Today the Tech Savvy Educator is officially one year old! I know, I know, one year and we’re already walking, talking, blogging, and collaborating. Just imagine what we’ll be up to during year two.
I choose June 1st of 2005 as the official launch so that I would have time to focus on blogging and community building in the summertime while not teaching. That having been said, I’ve been a bit slow on the blogging as of late (something which I apologize for as I was just chatting with a friend about finding the time to write). So for this special day (many blogs rarely make it three months, let alone one year), I have a small “grab bag” of links for you that I’ve collected over the past year for the purpose of future exploring, sharing, and using in my classroom. Unfortunately, with all of the other sites and ideas I’ve shared, discussions I’ve participated in on the forum, and the general business of the school year, I’ve neglected these poor links, and have yet to share them with the rest of the community.
Podcast – 1st Anniversary Grab Bag (a bit long as I had a lot to say, sorry about the size)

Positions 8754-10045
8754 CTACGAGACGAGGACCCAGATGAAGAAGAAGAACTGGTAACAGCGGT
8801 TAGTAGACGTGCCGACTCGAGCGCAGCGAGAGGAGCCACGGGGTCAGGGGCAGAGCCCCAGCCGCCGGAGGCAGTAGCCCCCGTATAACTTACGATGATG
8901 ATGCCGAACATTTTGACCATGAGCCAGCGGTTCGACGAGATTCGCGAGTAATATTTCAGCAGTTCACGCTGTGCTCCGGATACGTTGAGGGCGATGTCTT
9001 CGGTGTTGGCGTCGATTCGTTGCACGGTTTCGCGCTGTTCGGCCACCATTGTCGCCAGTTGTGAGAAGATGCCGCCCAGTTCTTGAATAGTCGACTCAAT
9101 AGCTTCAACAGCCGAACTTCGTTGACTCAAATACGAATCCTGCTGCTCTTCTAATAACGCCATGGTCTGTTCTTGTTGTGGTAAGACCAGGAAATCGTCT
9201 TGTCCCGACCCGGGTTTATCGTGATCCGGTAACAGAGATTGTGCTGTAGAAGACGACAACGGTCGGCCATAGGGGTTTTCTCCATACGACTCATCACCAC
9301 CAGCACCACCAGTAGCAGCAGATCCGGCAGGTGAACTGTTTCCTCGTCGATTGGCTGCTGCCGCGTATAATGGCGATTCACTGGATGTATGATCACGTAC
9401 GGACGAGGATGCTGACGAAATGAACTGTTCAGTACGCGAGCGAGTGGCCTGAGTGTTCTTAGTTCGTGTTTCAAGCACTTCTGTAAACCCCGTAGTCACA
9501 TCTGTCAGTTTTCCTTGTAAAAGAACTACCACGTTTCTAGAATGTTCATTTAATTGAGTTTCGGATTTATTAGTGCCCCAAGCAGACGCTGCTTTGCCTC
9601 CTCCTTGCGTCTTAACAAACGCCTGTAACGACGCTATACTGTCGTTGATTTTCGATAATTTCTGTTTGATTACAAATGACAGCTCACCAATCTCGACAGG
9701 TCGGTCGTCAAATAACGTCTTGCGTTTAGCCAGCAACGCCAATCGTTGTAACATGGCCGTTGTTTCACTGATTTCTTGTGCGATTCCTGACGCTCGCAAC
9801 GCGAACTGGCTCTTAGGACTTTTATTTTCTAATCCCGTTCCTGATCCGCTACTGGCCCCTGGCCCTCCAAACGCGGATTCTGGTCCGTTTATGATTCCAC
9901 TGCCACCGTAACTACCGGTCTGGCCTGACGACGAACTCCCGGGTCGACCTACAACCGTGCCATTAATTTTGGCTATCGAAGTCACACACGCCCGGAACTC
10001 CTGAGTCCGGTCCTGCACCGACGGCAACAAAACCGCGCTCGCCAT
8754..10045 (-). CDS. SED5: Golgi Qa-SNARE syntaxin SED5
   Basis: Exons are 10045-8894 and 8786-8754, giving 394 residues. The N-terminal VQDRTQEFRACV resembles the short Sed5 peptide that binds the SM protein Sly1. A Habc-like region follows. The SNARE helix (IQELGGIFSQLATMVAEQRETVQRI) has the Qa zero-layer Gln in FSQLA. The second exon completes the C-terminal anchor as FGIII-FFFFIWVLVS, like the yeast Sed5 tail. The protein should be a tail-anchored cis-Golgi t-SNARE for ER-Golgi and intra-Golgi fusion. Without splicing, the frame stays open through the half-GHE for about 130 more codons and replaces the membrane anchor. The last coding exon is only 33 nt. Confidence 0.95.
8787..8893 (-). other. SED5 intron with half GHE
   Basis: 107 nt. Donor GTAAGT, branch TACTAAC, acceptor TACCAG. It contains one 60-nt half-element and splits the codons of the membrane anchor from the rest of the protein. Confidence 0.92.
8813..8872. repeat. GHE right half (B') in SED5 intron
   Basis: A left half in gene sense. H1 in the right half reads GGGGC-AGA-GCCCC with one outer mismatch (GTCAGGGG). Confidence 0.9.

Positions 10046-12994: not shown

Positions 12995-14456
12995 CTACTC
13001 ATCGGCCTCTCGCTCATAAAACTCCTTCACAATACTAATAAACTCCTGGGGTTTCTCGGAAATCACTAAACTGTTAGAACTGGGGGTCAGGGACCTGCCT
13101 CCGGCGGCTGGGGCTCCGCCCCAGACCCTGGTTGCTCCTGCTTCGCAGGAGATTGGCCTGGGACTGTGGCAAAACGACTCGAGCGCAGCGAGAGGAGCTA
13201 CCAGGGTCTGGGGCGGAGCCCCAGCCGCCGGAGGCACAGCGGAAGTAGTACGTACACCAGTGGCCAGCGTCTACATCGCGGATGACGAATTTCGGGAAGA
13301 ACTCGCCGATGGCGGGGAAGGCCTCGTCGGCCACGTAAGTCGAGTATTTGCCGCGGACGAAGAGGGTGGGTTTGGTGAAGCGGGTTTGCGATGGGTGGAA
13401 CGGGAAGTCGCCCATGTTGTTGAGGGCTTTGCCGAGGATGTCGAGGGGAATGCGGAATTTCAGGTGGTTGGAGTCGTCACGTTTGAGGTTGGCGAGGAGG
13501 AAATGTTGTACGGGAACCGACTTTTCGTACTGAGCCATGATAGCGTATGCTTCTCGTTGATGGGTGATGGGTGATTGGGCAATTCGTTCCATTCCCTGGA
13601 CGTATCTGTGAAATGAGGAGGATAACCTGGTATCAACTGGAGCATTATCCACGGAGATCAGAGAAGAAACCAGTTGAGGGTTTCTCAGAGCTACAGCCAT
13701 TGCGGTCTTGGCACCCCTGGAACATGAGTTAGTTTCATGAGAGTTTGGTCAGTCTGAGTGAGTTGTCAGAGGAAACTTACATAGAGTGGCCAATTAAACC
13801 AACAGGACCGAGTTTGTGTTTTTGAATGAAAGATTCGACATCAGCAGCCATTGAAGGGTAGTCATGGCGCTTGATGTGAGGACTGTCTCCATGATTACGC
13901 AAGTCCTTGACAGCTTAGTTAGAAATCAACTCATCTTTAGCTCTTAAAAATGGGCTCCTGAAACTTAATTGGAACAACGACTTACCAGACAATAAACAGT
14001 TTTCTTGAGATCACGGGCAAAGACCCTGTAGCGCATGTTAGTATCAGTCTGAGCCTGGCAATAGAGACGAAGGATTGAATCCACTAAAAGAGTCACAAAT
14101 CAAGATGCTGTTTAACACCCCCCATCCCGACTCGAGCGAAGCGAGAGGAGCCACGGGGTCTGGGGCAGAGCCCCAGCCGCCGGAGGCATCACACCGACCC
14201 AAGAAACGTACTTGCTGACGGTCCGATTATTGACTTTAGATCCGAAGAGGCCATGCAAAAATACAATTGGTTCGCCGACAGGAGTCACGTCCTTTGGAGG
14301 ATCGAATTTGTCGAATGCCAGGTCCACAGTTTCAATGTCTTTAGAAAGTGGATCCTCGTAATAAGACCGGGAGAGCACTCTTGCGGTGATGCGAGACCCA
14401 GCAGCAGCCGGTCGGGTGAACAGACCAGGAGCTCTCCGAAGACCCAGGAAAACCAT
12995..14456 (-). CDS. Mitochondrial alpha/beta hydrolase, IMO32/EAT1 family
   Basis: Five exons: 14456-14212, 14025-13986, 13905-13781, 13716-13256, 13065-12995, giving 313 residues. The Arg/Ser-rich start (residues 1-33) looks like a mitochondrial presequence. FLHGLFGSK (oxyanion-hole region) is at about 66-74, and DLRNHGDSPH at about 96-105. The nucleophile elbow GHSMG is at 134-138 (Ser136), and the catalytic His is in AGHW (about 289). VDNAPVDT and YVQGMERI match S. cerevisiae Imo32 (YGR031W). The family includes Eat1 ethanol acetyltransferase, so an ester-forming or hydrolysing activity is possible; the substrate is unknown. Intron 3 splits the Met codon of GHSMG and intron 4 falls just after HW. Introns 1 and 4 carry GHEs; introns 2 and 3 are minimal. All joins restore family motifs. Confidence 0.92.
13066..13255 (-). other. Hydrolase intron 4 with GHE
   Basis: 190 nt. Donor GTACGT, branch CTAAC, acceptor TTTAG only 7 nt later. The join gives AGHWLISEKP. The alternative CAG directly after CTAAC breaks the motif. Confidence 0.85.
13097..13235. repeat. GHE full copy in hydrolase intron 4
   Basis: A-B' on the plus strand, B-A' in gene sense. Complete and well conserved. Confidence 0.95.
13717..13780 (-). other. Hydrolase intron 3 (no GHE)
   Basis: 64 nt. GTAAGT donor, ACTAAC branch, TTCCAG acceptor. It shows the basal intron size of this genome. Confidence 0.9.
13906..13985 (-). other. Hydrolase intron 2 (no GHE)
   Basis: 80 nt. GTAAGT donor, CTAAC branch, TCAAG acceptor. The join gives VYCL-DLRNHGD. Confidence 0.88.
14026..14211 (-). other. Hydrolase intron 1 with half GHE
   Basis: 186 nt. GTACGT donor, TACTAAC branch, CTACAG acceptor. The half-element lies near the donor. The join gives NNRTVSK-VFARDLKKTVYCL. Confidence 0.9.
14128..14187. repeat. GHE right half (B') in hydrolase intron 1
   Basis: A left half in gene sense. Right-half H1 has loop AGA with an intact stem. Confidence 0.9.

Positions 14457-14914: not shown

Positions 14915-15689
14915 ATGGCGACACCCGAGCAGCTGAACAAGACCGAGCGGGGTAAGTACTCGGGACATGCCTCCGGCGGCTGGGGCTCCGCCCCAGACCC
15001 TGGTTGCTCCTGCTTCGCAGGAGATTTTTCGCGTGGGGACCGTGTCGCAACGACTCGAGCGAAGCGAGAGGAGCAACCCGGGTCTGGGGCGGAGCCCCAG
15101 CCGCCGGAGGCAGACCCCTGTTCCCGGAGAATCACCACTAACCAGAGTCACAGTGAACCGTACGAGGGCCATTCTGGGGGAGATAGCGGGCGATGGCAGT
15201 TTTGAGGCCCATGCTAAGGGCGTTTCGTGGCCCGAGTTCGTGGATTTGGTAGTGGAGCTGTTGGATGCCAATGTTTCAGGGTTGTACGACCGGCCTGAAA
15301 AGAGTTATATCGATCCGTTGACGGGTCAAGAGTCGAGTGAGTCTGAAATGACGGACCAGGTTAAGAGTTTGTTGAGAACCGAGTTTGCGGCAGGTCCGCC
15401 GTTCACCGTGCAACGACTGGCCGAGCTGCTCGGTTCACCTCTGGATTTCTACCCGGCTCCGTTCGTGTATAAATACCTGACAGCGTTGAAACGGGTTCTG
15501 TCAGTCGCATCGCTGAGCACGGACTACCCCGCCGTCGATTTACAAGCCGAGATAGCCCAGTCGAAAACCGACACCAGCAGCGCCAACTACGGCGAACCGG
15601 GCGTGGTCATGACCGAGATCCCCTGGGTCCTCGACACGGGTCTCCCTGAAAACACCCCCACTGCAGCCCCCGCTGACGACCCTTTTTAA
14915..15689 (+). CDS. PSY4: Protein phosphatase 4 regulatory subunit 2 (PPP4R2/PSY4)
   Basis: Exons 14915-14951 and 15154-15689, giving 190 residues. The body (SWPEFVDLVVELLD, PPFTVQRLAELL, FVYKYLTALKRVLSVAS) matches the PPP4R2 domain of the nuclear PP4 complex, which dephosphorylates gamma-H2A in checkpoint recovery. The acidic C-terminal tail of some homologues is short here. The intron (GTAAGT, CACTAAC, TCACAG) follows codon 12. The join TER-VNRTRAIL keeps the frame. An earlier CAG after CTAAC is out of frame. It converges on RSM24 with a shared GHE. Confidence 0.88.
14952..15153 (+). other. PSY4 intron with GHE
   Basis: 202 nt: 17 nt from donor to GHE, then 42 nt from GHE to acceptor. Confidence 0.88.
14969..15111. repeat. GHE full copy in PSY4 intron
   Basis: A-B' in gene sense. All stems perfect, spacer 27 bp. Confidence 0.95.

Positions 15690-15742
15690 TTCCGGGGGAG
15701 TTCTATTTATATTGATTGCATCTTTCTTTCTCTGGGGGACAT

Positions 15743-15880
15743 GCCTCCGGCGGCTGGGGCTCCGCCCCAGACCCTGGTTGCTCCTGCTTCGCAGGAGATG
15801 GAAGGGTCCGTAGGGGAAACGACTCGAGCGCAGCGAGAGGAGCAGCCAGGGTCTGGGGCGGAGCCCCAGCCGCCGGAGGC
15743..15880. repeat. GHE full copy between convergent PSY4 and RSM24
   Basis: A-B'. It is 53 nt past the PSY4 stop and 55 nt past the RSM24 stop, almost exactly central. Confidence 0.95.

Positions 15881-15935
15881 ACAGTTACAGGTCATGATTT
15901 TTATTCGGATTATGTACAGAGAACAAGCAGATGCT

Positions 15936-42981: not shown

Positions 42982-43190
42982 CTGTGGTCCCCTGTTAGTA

The podcast gives a few details of the site and how it might be useful. I also wanted to thank all of the moderators, readers, and forum members for participating this year. I know I thank those individuals a lot, but they really do deserve every bit of thanks as it’s difficult to find the time to read, post, comment, and share resources during the usually hectic and busy school year.
Create comics using images from Flickr and cartoon speech bubbles
Create your own book using your own photos, stories, and blog entries
Create maps of the world where territories and countries are re-drawn using a wide range of demographics including population, imports, tourism, etc.
Remotely operate an electron microscope from your classroom to look at insects and other “bugs”
Website providing special offers to educators for laptops and other computers from major manufacturers
Freesound Project Geotags
Free sounds from around the world recorded by amatuers and marked on a Google Map by their location
Amusement Park Physics
Explore what principles of physics are behind several amusement park rides